I don't think this is an issue of American's not discussing Impeachment. It's an issue with our congressional leaders and the corporate media not discussing impeachment. We're being sold out my friends.
posted by DragonBoy at 11:03 AM on October 10, 2003


Hey, quick question. Not trying to muckrake here; seriously curious.

I presume that many those of you who are so gal-danged in favor of impeaching the president were also the ones who were outraged over the recall in California.

How is one situation different than the other? I defy anyone to provide any concrete evidence of any intentional deceit, malice, or anything other than incompetence from Bush. (And, sadly, perhaps, incompetence is not an impeachable offense.)
posted by jammer at 11:06 AM on October 10, 2003


Jammer, why do you hate Metafilter?
posted by UncleFes at 11:23 AM on October 10, 2003


Jammer, why do you hate Metafilter?

I don't, I just hate you. ;)
posted by jammer at 11:26 AM on October 10, 2003


I like Kevin Drum's analysis of how we got here.
posted by goethean at 11:32 AM on October 10, 2003


If Novak or the other six reporters would reveal their sources, we could flush out the perpetrators in a minute.

But they are protected as journalists, and no one is saying that even Novak broke the law. Yeah, it would be cool if they broke their silence, but I'm sure that some of them have "off the record." The real point is that the president obviously doesn't want to know who did this, or he could find out in five minutes. He could demand the truth from everyone on his staff, have the White House counsel bring in a polygrapher, and have our answers by the time the evening news went on.

I defy anyone to provide any concrete evidence of any intentional deceit, malice, or anything other than incompetence from Bush.

Eh? Ultimately, though, he needs to be placed under oath to answer some serious questions. I wonder if being sworn in under oath would budge him from claiming that he "has no idea" who conducted the Plame leak.
posted by Ignatius J. Reilly at 11:32 AM on October 10, 2003


BOYCOTT POLITICAL BLAH-BLAH
posted by kablam at 11:34 AM on October 10, 2003


jammer: Umm... citing reports that never existed? There's a difference between incompetence and playing make believe.

Oh, and I was for getting Davis out of office, I just don't think Arnold is a qualified leader. He'll be a puppet just like Bush.
posted by klaruz at 11:44 AM on October 10, 2003


my dick is so hard right now
posted by poopy at 11:50 AM on October 10, 2003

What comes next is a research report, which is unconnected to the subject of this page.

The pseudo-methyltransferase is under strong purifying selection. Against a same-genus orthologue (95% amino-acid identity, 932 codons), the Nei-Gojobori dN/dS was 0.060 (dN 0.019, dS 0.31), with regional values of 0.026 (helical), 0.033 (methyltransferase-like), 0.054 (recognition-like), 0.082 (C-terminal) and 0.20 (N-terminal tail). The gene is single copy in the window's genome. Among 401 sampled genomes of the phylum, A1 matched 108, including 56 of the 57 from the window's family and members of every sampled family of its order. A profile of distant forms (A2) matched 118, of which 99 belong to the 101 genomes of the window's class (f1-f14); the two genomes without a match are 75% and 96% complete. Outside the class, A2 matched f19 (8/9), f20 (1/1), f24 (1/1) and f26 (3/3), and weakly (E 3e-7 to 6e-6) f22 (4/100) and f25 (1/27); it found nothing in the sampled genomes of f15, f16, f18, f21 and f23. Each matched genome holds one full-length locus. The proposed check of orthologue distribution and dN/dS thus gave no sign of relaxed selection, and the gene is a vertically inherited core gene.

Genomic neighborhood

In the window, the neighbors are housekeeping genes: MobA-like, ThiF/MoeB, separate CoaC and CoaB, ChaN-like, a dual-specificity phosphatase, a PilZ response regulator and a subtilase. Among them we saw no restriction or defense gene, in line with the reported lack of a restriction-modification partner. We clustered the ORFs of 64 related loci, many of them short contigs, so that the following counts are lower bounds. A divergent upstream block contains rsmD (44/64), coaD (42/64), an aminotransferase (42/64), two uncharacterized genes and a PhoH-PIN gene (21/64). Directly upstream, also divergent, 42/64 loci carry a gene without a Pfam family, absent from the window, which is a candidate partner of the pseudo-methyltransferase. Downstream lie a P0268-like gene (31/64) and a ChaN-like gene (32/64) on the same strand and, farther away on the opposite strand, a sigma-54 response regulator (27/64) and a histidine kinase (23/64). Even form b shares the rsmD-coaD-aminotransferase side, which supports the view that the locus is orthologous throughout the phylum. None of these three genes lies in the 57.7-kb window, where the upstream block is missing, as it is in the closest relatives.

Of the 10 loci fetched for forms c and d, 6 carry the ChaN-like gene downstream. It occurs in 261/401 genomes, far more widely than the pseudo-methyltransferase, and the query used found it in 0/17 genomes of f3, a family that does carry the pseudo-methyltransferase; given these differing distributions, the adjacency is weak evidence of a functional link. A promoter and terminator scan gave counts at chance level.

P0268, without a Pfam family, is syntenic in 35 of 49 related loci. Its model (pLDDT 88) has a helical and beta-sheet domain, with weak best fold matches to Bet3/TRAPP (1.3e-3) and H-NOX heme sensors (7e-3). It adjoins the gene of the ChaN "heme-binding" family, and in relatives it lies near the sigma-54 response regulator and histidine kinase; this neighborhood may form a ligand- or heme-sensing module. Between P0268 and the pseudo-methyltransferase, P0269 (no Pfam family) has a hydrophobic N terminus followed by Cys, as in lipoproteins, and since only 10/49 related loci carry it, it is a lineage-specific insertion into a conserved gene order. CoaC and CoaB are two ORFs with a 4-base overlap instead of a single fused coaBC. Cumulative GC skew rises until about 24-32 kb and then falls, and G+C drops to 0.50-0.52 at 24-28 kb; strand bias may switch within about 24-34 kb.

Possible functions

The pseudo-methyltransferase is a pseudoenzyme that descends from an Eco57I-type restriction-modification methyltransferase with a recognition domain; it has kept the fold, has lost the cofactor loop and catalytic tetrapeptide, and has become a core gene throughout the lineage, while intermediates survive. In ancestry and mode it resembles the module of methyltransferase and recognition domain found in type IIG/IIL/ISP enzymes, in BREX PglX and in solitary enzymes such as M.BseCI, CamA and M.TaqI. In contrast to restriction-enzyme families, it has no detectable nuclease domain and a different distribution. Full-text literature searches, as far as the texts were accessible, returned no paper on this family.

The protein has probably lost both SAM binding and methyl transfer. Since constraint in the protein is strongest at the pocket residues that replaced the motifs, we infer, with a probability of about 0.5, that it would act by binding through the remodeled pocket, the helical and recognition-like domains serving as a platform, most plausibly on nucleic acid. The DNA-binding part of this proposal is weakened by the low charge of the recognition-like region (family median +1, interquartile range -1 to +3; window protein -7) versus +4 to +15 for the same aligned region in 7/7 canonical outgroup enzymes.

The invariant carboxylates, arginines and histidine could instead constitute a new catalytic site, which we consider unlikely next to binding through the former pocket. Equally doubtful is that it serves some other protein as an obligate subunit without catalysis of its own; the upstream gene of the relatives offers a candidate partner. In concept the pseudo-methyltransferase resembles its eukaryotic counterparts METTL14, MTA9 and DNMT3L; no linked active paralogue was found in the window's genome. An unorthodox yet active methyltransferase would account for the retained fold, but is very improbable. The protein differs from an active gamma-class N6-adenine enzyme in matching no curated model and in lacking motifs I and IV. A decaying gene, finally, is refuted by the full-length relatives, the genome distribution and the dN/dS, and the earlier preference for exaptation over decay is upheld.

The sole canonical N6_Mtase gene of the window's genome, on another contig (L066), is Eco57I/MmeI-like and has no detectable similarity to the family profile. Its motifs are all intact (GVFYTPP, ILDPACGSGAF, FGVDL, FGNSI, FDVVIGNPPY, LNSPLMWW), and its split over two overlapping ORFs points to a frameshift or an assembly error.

I voted no on the recall, and opposed it not only because I didn't like the replacement candidates, but also because I felt it was a case of misplacing the blame.

That being said, I don't and won't support a recall of Arnold, as distasteful as I find him, nor do I support an impeachment of Bush. 2004 will come soon enough, and I'll do my best to get him out of office the old fashioned way, vote tampering by voting.
posted by mosch at 11:58 AM on October 10, 2003


Of course, there's also the pesky technicality that there's no evidence of a high crime or misdemeanor.

Wrong. Revealing the identity of a CIA operative to anyone without proper clearance is a felony. It is also treason according to Poppy Bush. Covering up for known felons is a felony too.

If Novak or the other six reporters would reveal their sources, we could flush out the perpetrators in a minute.

True, but a quicker, shorter method would be for Dear Leader to tell us instead who among his elite are guilty. Breathtakingly simple and elegant.
(Not picking on pardonyou, just thought the statements deserved a reply.)

Until the multinational corporate media behemoths decide that impeachment is good for them the buzz will not be created. Meanwhile the lazy media whores in their employ will continue to copy and paste the latest talking points from Dear Leader's minions.
posted by nofundy at 12:44 PM on October 10, 2003


dragonboy: I don't think this is an issue of American's not discussing Impeachment. It's an issue with our congressional leaders and the corporate media not discussing impeachment.

Well put, the second the media takes Bush's crimes seriously, the faster his house of cards will collapse. In a media culture, crime and truth are really determined by a handful of well connected editors.
posted by skallas at 5:52 PM on October 10, 2003


It all depends on what the word "war" is.
posted by ZachsMind at 9:20 PM on October 10, 2003